I have always had a love of sport, especially football, and I first became interested in Walter Tull when I was trying to find possible football players listed in the 1901 Census (RG 13/296), which had just been released at the time. Following further research I found that he was from an underprivileged background, and was orphaned at an early age. He was one of the first black professional footballers, who suffered from racial bigotry at a time when racism was tolerated. He was supposedly the first black officer in the British Army at a time when the manual of Military Law forbade non-Europeans from becoming combat officers.
Walter Daniel John Tull was born in Folkestone, Kent, on 28 April 1888. His father Daniel came to Britain from Barbados in 1876, joined the Methodist Church, and in 1880 married a local girl, Alice Elizabeth Palmer, who bore him six children.
In 1895, Walterâ€™s mother died. The following year, Daniel married Clara Palmer, but he then died in 1897. Clara was unable to cope with looking after all six children and consequently in February 1898 Walter and his brother Edward were sent to a Wesleyan Methodist orphanage in Bonner Road, Bethnal Green, where Walter spent seven years.
After finishing his schooling he served as an apprentice printer; but in October 1908, whilst playing for the childrenâ€™s home football team, he was invited to join Clapton FC, a top amateur team. He helped them to victory as an inside forward in the FA Amateur Cup, the London Senior Cup and the London County Amateur Cup that same season. His promising talent attracted the attention of Tottenham Hotspur who signed him on for a fee of Â£7 in July 1908. While still an amateur, Walter was invited to tour Argentina and Uruguay with Spurs, signing him on as a professional on his return.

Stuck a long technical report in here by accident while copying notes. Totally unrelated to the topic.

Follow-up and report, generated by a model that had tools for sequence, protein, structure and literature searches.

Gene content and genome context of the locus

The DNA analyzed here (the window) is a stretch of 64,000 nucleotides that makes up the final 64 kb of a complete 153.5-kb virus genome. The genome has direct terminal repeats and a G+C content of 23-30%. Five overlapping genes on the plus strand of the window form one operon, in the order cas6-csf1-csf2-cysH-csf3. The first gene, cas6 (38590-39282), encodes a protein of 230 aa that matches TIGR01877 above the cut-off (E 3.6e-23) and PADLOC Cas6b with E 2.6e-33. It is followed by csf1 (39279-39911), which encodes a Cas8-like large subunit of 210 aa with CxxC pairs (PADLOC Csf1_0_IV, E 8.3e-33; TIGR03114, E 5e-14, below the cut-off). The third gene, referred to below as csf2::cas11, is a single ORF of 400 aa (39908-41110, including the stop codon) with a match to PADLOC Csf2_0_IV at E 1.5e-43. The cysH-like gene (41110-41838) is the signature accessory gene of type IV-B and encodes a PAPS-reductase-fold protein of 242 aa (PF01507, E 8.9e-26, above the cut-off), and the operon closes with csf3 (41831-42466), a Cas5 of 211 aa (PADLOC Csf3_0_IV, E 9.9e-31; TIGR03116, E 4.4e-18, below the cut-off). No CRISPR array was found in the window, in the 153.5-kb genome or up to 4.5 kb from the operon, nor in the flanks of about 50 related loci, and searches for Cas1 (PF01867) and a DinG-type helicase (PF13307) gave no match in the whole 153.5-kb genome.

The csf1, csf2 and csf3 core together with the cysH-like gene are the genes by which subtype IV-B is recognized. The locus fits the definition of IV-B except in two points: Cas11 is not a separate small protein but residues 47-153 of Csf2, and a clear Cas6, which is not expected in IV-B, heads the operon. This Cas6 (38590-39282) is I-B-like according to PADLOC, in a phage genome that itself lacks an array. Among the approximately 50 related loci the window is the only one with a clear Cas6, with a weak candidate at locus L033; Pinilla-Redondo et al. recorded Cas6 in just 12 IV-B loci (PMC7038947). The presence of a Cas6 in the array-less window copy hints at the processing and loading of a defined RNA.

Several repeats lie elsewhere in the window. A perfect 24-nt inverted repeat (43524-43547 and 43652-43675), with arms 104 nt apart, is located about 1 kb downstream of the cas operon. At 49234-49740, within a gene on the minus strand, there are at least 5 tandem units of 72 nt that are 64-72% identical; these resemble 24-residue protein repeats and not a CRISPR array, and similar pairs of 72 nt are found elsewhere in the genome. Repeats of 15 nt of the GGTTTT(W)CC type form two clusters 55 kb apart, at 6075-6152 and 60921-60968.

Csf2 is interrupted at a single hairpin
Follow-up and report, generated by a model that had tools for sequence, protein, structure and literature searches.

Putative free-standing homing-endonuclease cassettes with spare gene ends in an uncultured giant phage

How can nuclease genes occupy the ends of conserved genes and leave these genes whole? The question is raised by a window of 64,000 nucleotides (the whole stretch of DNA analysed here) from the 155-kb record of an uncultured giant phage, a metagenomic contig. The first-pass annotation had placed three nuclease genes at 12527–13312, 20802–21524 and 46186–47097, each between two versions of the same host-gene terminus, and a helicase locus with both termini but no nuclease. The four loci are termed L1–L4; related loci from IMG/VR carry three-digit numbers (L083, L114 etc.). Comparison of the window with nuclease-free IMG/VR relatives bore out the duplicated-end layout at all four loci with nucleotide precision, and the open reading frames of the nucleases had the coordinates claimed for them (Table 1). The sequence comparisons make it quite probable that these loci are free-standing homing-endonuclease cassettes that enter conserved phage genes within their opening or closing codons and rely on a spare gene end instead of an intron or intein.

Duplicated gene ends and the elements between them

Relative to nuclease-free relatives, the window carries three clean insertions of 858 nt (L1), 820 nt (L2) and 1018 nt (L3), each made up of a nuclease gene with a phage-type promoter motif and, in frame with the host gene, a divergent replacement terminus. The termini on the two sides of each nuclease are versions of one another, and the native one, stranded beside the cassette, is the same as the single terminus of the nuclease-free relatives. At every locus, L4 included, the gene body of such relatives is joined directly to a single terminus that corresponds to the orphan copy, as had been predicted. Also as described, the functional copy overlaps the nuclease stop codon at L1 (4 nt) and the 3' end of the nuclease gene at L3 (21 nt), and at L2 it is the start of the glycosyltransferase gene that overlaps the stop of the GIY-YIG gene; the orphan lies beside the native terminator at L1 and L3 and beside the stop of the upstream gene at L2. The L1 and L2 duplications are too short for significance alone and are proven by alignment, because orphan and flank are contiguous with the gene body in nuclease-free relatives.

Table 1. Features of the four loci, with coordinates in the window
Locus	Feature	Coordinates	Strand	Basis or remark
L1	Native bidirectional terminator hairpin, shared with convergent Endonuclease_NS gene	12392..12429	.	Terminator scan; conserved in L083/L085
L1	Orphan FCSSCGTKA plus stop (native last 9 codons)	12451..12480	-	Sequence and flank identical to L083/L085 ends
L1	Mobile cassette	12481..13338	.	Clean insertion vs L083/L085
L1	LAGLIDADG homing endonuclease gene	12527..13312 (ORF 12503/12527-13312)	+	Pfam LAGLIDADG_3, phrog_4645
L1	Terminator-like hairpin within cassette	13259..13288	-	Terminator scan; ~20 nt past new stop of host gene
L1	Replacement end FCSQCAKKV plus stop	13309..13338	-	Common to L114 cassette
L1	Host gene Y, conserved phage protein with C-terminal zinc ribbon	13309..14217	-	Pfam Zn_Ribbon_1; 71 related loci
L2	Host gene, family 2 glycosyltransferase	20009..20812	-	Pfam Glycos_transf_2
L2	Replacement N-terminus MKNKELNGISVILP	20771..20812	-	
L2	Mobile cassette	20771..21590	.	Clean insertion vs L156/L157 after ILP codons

Walter was only the second black professional footballer in Britain, the first being Arthur Wharton, the Preston North End goalkeeper. He was the Leagueâ€™s first black outfield player, and attracted considerable media interest, being described as very good indeed with ‘a class superior to that shown by most of his colleagues’. Walter retained his place in the side at the start of the new season, appearing at centre forward in Spursâ€™ First Division debut, away to Sunderland, which ended in a 3-1 defeat. Walterâ€™s future looked bright, scoring his first goal against Bradford, but then after only seven first team games he was dropped. This was probably as a consequence of the racial abuse he received from fans when playing at a game against Bristol City in 1909, which the Football Star called ‘language lower than Billingsgate’.
This unforgivable attack was laid at the door of the dockers and locals; and was influenced by Bristolâ€™s 18th Â and 19thÂ century reputation as a slave port. Whatever the reason it was an awful assault on a mild, intelligent and dedicated young man. Although there was no evidence that Walterâ€™s confidence and form were affected, the incident was deeply traumatic for Tull, and rather than stand by their player, the Clubâ€™s directors were embarrassed by the whole debacle.
The following season he played only three first team games, scoring against Manchester City, and he was consigned to the reserves, where he played 27 times, scoring 10 goals. The season after, in October 1911 he was sold for a ‘heavy transfer fee’ to Northampton Town, an ambitious Southern League side managed by Herbert Chapman, an ex-Spurs player, who had no doubt about Tullâ€™s background or ability. At Northampton Walter did not make an inspiringÂ debut against Watford, and his early form was disappointing. However soon his career flourished at the club and he was probably their biggest star, having converted to a midfield role, to counteract his supposed lack of pace as a forward. He barely missed a game, completing 98 out of 114 games up to the outbreak of the First World War. There was much speculation that but for the war Walter would have signed for Glasgow Rangers.